Three Leading Tax Strategies for Higher Tax Bracket Taxpayers


by Robert Keebler, CPA, MST, AEP 

Published December 01, 2013

Editor: Theodore J. Sarenski, CPA/PFS, CFP, AEP

 Dear Clients,

Here is a great article to familiarize yourself with the finer tax strategies available for higher bracket folks.

Three leading tax strategies for eliminating or reducing taxable income in the higher tax brackets or net investment income subject to the net investment income tax are harvesting income and gains, Roth IRA conversions, and tax-efficient investing.

Harvesting Income and Gains

Harvesting losses has been a key part of financial planning for years, and with the advent of a four-dimensional tax system and seven individual brackets, advisers must also gain a finer understanding of when it is prudent to harvest income or capital gains.

Example 1: G and B, a married couple, have projected 2013 income of $150,000 and expect their 2014 income to be $500,000. They also expect to have $100,000 in long-term capital gain in 2014 (stock with a basis of $10,000 and a fair market value of $110,000).


If they choose to harvest the gain in 2013, the cost (or tax) would be $15,000 (15% × $100,000). If instead they wait until 2014, the cost will be $23,800 (20% capital gain plus 3.8% net investment income tax).

In effect, the taxpayer invests the tax payable on the 2013 gain ($15,000) to produce a return of $8,800. Thus, the ROI is 58.67% ($8,800 ÷ $15,000).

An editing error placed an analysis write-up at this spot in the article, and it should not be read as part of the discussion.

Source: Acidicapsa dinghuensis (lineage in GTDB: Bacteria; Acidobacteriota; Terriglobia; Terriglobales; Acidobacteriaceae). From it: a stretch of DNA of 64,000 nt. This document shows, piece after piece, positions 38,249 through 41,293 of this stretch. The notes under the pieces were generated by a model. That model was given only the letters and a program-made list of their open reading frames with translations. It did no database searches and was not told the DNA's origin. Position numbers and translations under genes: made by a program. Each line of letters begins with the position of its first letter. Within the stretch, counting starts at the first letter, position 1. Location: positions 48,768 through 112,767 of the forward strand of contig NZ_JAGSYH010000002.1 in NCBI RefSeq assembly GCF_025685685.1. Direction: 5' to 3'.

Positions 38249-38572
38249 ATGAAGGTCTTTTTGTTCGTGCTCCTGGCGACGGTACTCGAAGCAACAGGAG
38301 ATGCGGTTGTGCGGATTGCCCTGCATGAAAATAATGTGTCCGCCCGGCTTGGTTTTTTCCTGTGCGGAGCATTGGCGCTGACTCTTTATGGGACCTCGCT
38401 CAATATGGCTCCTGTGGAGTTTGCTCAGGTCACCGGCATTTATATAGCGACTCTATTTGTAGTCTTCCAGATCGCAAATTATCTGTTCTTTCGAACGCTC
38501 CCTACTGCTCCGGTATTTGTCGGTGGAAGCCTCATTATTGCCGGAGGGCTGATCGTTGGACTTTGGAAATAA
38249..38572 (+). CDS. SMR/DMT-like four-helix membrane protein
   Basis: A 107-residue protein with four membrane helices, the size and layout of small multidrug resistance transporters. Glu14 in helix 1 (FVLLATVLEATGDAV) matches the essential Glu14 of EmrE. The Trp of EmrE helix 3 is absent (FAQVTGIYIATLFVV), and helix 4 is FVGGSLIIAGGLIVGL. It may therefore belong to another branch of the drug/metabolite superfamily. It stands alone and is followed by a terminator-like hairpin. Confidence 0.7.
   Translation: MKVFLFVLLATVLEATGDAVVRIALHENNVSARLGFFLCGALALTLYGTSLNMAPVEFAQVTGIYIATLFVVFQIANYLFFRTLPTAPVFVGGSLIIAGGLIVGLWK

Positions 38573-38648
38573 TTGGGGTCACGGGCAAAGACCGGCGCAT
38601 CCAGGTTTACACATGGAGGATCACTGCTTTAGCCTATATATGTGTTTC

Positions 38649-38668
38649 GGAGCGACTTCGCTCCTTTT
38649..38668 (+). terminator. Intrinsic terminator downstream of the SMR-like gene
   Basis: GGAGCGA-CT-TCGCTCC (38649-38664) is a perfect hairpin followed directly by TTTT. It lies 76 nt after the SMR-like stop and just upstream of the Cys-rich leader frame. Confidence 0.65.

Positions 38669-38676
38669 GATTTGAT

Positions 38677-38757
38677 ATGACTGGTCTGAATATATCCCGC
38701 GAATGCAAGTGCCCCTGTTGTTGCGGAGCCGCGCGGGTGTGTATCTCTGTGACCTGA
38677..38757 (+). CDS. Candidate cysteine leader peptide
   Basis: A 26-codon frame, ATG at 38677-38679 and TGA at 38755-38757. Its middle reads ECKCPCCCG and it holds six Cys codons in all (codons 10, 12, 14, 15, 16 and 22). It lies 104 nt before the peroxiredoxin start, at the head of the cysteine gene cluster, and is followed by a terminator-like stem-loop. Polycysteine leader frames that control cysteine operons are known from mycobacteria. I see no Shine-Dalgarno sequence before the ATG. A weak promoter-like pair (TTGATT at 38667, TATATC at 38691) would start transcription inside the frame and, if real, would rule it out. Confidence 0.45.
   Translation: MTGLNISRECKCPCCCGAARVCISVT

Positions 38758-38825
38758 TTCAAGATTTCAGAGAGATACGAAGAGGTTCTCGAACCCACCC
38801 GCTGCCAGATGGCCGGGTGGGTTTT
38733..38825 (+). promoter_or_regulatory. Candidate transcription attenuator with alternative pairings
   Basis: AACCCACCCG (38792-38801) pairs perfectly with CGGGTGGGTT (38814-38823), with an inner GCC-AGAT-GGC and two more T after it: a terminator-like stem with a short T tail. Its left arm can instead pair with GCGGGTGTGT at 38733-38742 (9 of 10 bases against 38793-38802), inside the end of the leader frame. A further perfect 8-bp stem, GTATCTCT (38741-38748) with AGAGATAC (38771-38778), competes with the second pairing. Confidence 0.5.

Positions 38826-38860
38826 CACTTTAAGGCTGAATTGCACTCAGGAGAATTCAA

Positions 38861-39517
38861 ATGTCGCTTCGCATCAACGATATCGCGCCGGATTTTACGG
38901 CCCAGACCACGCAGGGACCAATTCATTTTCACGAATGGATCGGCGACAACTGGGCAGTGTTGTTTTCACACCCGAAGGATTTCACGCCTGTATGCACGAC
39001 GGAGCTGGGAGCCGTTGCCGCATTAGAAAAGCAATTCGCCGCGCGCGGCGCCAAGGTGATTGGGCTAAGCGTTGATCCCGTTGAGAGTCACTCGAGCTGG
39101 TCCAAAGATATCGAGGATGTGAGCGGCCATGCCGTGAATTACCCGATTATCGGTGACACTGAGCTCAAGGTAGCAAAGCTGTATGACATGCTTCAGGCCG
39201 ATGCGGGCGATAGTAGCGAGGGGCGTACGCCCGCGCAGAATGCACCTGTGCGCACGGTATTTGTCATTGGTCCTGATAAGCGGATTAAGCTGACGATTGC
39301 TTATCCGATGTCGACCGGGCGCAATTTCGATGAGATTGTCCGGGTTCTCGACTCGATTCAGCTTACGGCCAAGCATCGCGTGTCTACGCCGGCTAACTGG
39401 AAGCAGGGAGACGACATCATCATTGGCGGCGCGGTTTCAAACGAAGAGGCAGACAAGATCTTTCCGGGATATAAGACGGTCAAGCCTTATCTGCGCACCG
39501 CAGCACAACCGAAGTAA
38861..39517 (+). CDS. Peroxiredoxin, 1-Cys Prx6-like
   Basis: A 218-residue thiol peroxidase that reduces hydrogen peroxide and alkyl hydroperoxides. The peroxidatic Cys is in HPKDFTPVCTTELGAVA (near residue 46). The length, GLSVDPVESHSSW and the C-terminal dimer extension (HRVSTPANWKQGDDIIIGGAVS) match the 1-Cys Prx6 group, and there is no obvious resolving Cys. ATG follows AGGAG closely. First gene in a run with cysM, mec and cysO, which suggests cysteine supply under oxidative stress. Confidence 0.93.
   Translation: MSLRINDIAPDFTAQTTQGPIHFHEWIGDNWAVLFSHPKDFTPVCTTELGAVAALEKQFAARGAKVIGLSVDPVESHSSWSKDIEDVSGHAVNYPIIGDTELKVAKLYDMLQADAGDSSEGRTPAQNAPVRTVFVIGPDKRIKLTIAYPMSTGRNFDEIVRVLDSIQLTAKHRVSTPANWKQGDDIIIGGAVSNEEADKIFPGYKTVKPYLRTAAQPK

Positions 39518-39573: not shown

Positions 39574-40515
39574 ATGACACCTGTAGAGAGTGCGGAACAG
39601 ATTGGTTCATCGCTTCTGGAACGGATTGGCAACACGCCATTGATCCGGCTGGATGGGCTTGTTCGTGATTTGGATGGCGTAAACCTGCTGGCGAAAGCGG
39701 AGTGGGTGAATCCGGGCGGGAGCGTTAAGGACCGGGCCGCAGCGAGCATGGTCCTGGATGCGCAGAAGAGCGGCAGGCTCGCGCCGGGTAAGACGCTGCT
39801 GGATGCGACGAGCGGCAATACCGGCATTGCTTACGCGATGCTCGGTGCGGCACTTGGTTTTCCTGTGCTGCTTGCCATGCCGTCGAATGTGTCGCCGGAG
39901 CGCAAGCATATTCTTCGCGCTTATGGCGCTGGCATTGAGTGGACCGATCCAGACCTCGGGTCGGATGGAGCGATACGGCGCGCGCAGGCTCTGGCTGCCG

Roth IRA Conversions

Roth IRA conversions have always offered advantages, but now they may also help facilitate planning and income smoothing to avoid the 3.8% net investment income tax. Distributions from a traditional IRA are not considered net investment income, but they do increase MAGI and therefore could create or increase a taxpayer’s net investment income tax. By contrast, a Roth IRA distribution is neither net investment income nor MAGI, and therefore it does not create or increase a taxpayer’s net investment income tax. Thus, a taxpayer can use a Roth IRA conversion to keep future income out of higher brackets and eliminate all future net investment income tax on IRA distributions.

Example 2: F, a single taxpayer, has salary income of $100,000 and dividend income of $100,000. F is not subject to net investment income tax despite having $100,000 of net investment income (from the dividend income) because his MAGI does not exceed the applicable threshold ($200,000 for a single taxpayer). If F also receives a $50,000 RMD from his traditional IRA, the net investment income tax applies to the lesser of net investment income ($100,000) or the excess of MAGI over applicable threshold ($250,000 – $200,000). Thus, the traditional IRA distribution subjects F to net investment income tax on $50,000 of his net investment income.


Example 3: Suppose instead that F previously had converted a traditional IRA to a Roth IRA. If F receives a distribution of $50,000 from his Roth IRA, he is not subject to any net investment income tax. His MAGI would not exceed his applicable threshold because, unlike a distribution from a traditional IRA, a distribution from a Roth IRA does not count toward MAGI. Thus, F’s MAGI does not exceed his applicable threshold ($200,000), and F saves $1,900 in net investment income tax ($50,000 × 3.8%).